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At 50, Venezuela's Hotel Tamanaco faces major challenges
Seis Continentes / July 2003

By Larry Luxner

CARACAS — The Inter-Continental Tamanaco, one of the country's most famous luxury hotels, will mark its 50th anniversary this December, but few people are celebrating.

Venezuela is in the midst of one of its worst economic and political crises in its history.

"For the time being, we have nothing to scream about," says the hotel's new general manager, Ricardo Tapia. "The country is in a state of flux."

That's putting it mildly. Venezuela's GDP is expected to drop 9% this year after tumbling 10% in 2002, largely a consequence of the policies enacted by populist President Hugo Chávez. Continuing political unrest and a punishing strike by oil workers has scared away foreign investors, the bread-and-butter of the Tamanaco's clientele.

As a result, the 535-room hotel has been forced to lay off 100 of its 600 employees. Tapia says revenues this year are expected to total no more than $10 million, compared to $40 million as recently as three years ago.

"The total pie is 40% smaller. Arrivals and seat capacity have dropped by 40-50%, and we have three new players in the market: Marriott, Embassy Suites and Four Seasons, which is now closed," he said. "Five or six years ago, the market was better, and there was a lot of optimism. This year, Caracas will probably end up with occupancy in the 30s, and the hotel will be in the high 20s."

Tapia, who was born in St. Louis, Mo., of Panamanian parents, took over management of the hotel in March, having arrived from the Cartagena Hilton in Colombia, where he spent five years as general manager. The 60-year-old executive had been with the Hilton chain for 36 years, serving in 17 countries including Jamaica, Trinidad & Tobago, Malaysia, Thailand and Brazil.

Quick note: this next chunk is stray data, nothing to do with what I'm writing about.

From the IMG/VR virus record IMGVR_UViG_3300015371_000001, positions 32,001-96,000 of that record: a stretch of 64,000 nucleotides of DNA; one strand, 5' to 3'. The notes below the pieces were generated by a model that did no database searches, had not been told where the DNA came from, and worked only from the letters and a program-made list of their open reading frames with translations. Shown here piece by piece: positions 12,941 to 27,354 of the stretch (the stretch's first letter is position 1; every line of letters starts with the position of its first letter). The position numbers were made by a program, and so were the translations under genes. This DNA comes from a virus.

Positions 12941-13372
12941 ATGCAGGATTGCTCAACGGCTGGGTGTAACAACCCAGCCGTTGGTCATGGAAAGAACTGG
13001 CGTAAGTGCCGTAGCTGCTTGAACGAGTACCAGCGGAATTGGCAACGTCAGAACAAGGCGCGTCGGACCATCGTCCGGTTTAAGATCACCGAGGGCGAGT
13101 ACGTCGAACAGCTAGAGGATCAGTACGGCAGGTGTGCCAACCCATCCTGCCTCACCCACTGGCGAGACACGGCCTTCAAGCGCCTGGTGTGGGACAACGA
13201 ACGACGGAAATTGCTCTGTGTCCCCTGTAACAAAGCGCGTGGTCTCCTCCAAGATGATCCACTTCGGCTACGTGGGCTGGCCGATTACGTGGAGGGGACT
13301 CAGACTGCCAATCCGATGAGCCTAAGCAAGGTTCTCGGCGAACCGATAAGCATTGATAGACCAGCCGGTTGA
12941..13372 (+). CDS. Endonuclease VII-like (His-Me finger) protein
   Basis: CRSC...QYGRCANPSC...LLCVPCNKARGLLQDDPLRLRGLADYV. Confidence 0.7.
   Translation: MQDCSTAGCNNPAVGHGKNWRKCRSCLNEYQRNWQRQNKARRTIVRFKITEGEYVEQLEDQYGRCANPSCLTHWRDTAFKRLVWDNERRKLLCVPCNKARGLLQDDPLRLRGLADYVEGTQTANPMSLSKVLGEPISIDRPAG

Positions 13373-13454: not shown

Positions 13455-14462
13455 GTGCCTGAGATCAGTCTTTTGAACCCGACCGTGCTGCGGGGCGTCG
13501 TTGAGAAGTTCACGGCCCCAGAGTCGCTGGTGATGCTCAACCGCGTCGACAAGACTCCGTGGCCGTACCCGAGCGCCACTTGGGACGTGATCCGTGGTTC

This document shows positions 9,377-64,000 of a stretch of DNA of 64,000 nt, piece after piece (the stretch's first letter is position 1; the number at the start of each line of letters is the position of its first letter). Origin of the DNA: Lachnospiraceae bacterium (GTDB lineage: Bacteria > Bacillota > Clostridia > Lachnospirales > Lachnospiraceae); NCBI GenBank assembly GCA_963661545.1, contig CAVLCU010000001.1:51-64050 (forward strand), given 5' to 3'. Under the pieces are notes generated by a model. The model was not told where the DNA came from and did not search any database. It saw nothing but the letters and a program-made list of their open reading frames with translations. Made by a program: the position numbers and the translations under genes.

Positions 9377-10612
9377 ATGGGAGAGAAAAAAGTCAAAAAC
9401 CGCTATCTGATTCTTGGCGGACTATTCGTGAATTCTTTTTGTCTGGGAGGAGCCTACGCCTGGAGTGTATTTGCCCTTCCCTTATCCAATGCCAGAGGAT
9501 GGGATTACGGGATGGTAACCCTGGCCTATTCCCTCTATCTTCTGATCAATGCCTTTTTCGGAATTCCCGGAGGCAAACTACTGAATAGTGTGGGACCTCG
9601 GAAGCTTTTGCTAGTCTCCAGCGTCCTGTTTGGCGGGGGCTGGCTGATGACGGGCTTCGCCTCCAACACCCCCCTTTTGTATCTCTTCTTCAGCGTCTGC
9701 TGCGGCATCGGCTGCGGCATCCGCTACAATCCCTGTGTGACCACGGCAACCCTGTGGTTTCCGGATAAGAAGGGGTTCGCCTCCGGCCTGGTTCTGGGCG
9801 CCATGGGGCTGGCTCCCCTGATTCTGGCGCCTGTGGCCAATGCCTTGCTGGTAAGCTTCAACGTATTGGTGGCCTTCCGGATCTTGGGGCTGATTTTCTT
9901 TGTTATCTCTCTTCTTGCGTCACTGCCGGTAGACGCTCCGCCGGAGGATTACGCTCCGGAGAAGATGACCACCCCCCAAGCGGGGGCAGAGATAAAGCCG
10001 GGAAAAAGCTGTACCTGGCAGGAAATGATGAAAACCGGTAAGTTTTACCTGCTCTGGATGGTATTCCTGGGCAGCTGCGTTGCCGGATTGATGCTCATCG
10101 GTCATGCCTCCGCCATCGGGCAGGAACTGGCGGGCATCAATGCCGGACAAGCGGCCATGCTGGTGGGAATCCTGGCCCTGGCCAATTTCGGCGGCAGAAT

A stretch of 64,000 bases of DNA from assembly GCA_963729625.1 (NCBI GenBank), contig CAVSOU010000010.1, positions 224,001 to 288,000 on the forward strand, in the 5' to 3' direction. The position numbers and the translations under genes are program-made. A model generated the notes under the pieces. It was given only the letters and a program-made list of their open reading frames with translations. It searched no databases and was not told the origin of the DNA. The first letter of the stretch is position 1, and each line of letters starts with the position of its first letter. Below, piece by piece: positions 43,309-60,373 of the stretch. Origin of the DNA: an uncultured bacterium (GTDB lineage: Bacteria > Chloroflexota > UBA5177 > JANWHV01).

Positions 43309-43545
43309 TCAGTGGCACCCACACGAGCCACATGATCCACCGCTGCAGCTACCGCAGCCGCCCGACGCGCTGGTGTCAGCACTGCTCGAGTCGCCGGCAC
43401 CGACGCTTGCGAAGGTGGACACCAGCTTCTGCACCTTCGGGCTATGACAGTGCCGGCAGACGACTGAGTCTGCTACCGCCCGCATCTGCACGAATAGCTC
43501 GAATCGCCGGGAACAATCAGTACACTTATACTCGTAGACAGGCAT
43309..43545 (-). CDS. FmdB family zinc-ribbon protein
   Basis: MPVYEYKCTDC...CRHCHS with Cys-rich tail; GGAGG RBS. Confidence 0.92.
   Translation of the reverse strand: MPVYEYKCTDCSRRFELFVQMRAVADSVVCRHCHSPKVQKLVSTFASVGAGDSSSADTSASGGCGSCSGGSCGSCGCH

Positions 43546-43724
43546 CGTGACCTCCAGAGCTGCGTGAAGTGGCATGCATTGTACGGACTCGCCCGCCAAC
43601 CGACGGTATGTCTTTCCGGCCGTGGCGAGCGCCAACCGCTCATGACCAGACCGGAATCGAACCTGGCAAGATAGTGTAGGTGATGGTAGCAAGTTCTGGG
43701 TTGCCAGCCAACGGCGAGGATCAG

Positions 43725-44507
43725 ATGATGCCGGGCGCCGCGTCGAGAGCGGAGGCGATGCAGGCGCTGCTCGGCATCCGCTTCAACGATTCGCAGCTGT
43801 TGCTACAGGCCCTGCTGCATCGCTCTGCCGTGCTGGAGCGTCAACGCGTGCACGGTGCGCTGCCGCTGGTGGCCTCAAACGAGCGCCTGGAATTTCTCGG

He says the Tamanaco, inaugurated by then-Venezuelan President Pérez Jiménez on Dec. 3, 1953, is 100% privately owned, and that no more than 5% of the hotel's guests are tourists.

Caracas is not a tourist destination. In that, it is very similar to São Paulo," he said. "I would imagine that the little tourism which exists here is a very upmarket kind of tourism."

And unlike Buenos Aires, where constant devaluations have made Argentina a cheap city for international visitors, Venezuela is no particular travel bargain.

"Caracas continues to be an expensive city," he said. "It is not as expensive as it was before, and most probably, big-ticket items in dollar terms are cheaper today, for example apartments and land. But not automobiles, because they're built from imported parts."

He added: "The entire country is depressed, but it all depends how you look at it," he said. "I look at it as an opportunity. At moments like this, you can do things you cannot do under normal circumstances, like cut staff."

For the moment, about 60% of the Tamanaco's guests are individual business travelers, with another 25% group and convention travel. The remaining 15% are local Venezuelan families taking advantage of weekend packages.

Whether economic conditions will improve by the Tamanaco's 50th anniversary in December is anybody's guess. Much depends on whether a referendum on Hugo Chávez takes place, and whether foreign investors are willing to return to a country that ranks among the biggest suppliers of oil to the United States.

"In general, we will work under any circumstances, and we try to be as neutral as possible," said Tapia. "Venezuela has always been influenced by the United States because of the oil industry. So they're very sophisticated, generally speaking, and with the devaluation, prices tend to be dollarized, since 60% of what people consume here is imported. Automatically the local market will tend to find that level."

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